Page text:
Bonus Tip: Don't get hung up on the DSL of the object you're creating. If you follow the refactoring on the fly approach, then you should expect your object's DSL to change over time. Naming is hard, and it's best to just pick a name you think makes sense and continue refactoring as you go.
I spent years developing before I had the appreciation to write solid tests. And that appreciation came when I started making small changes to a large application to fix a minor bug. By fixing one bug (without understanding the entire application), I'd introduce three new bugs. Finally, I understood. Testing was like a safety net. If I wrote really solid tests, I'd be able to refactor code without worrying that I'd introduced regressions (bugs).
I get paid for code that works, not for tests, so my philosophy is to test as little as possible to reach a given level of confidence (I suspect this level of confidence is high compared to industry standards, but that could just be hubris). If I don't typically make a kind of mistake (like setting the wrong variables in a constructor), I don't test for it.
In other words, be smart about the time you spend on testing and the tests you write. And once you have a solid test suite, you can refactor with confidence, because all you have to do is run the tests to see if the code you've changed is going to break a part of the system.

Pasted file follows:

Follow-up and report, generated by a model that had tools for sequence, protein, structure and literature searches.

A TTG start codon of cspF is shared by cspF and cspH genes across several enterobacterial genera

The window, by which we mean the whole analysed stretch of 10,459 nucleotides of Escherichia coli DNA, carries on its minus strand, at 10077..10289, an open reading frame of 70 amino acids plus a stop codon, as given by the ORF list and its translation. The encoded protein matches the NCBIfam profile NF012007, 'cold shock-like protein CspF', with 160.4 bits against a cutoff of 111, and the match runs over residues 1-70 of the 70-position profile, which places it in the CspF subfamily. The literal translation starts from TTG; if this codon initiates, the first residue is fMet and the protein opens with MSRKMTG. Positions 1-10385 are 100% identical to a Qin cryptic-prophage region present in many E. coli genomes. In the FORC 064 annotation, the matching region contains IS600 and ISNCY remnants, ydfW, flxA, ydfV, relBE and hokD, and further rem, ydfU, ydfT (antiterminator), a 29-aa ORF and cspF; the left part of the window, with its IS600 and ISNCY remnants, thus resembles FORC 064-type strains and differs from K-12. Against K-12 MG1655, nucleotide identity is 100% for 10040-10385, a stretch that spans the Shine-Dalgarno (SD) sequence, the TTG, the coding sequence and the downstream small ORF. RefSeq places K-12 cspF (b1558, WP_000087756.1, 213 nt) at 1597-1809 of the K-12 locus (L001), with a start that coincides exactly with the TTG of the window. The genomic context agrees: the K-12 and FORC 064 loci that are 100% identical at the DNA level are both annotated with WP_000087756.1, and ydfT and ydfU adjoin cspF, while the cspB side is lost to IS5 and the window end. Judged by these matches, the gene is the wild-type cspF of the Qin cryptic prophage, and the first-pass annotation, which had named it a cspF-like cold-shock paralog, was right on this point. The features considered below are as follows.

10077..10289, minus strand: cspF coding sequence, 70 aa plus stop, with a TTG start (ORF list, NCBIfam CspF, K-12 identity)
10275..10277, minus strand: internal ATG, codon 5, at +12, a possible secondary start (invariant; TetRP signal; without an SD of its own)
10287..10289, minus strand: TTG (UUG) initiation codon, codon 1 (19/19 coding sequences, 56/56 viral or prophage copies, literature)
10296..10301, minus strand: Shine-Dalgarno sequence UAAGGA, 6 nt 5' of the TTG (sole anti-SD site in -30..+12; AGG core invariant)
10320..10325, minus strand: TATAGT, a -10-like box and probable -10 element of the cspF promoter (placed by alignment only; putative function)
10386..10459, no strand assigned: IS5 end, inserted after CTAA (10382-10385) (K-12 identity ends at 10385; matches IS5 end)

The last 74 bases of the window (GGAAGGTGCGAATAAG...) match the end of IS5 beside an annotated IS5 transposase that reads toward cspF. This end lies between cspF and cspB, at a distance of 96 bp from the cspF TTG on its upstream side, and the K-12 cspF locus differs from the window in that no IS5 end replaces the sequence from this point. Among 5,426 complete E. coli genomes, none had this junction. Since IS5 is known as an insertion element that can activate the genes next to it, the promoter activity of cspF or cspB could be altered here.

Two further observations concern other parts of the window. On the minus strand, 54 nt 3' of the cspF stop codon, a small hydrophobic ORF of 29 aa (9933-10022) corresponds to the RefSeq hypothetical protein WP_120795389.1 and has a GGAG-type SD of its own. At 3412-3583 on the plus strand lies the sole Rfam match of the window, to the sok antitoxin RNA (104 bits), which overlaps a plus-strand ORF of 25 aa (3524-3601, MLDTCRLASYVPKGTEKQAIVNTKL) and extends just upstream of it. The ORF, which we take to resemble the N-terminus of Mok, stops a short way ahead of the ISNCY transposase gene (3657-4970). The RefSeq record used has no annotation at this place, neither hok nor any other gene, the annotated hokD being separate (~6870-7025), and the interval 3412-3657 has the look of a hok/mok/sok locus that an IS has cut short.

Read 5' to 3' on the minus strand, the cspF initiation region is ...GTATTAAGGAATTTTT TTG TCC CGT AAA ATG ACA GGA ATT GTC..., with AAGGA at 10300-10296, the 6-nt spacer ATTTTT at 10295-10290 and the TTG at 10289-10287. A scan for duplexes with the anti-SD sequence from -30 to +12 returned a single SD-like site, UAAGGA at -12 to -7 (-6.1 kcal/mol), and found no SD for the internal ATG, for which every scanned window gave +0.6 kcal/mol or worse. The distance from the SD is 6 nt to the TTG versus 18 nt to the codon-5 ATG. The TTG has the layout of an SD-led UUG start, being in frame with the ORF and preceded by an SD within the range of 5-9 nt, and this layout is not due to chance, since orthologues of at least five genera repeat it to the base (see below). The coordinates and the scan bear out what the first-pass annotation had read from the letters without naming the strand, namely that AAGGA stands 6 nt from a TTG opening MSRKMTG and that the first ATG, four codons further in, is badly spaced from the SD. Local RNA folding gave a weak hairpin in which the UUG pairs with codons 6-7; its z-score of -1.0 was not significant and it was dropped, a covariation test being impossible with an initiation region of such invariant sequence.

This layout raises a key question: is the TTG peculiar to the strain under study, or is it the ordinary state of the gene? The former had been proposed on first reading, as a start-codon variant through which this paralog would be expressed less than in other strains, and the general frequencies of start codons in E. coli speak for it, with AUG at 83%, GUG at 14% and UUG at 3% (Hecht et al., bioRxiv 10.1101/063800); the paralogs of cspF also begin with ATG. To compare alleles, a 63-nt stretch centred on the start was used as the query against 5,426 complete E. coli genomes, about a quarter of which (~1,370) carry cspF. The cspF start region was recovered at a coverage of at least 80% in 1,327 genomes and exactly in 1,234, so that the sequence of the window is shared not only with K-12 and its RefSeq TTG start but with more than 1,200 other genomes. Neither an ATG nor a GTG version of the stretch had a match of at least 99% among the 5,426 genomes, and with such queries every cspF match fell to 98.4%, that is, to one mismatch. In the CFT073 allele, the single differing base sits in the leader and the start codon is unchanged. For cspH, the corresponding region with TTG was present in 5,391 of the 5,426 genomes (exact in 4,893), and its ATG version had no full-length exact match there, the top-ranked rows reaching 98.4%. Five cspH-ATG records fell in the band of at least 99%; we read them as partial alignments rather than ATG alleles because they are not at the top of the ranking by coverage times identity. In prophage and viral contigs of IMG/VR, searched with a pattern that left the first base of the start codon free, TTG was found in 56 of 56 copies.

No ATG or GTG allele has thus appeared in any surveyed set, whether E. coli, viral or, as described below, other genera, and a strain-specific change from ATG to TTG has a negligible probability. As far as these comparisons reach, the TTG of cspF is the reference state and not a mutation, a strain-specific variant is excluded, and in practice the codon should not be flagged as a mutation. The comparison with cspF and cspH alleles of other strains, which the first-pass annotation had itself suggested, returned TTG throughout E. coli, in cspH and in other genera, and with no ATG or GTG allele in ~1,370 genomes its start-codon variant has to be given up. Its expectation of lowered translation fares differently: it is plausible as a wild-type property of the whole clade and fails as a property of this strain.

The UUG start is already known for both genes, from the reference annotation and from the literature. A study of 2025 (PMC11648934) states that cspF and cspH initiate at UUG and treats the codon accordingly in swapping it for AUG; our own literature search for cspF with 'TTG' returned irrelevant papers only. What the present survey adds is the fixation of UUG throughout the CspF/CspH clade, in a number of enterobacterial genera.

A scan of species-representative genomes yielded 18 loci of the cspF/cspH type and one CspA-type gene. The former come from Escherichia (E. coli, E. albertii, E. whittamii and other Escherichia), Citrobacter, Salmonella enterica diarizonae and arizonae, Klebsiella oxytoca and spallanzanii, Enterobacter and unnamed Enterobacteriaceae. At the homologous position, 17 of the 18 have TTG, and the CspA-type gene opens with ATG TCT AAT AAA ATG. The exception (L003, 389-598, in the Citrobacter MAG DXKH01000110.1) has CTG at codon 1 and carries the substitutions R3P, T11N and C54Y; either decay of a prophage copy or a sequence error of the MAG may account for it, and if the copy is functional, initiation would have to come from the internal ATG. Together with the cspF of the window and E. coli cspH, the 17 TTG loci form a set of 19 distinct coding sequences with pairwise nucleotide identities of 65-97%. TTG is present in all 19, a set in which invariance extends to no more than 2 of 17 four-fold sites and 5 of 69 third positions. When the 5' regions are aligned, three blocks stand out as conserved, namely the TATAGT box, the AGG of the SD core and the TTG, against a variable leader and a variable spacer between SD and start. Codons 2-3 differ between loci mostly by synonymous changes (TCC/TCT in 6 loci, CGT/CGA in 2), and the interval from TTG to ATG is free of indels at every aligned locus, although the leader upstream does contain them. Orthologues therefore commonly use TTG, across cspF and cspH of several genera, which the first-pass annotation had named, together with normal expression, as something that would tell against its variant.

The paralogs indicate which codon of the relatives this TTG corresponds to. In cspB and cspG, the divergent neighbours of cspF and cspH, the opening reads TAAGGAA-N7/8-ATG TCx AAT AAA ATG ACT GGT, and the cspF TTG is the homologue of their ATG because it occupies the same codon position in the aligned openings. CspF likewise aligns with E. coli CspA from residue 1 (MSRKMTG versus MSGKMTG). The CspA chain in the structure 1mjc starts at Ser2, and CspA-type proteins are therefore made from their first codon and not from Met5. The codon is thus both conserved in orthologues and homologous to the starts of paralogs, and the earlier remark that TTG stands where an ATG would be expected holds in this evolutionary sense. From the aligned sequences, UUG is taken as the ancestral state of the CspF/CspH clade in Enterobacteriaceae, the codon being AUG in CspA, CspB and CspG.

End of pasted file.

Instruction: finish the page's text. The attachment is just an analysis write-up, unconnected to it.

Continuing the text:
Sometimes we want to refactor the tests themselves. That's okay. That's good, actually. Keeping a smooth-running test suite is critical to staying motivated to continue writing tests. But you should refactor test code separate from refactoring application code.
When you refactor application code, it works like this:
When it's time to refactor test code, it works similarly:
In this last example, sometimes refactoring test code can actually help you uncover bugs you didn't notice before because the test was written to cover it or wasn't written well. I still wouldn't fix the bug, but add an asterisk to Step 3 and Step 4 in that you can commit broken tests for the tests that are fixing old tests or filling in their gaps. Then, after the commit, go fix any bugs in the code you identified through the process.
This is the most important piece of advice I can give you when it comes to refactoring.
Refactoring is a process. Like I mentioned in #2 and #3, spending too much time worry about naming or test coverage is inefficient. Make a decision, write the code, then move on. If you follow #1 and refactor on the fly, you'll have the opportunity to make your current work better at some point in the future.
Understand that this process repeats itself over and over again until you stop working on a project, or until you finally make the decision that a rewrite is in order.
Your code doesn't have to be perfect because it's probably going to change. Whether you spend one hour or 100 hours mapping out some object and its methods, you're still going to refactor it in the future. Spend the one hour now and make refactoring a part of your process.
With that, it's time for me to go — I just got the itch to go clean up some code. You should go do the same.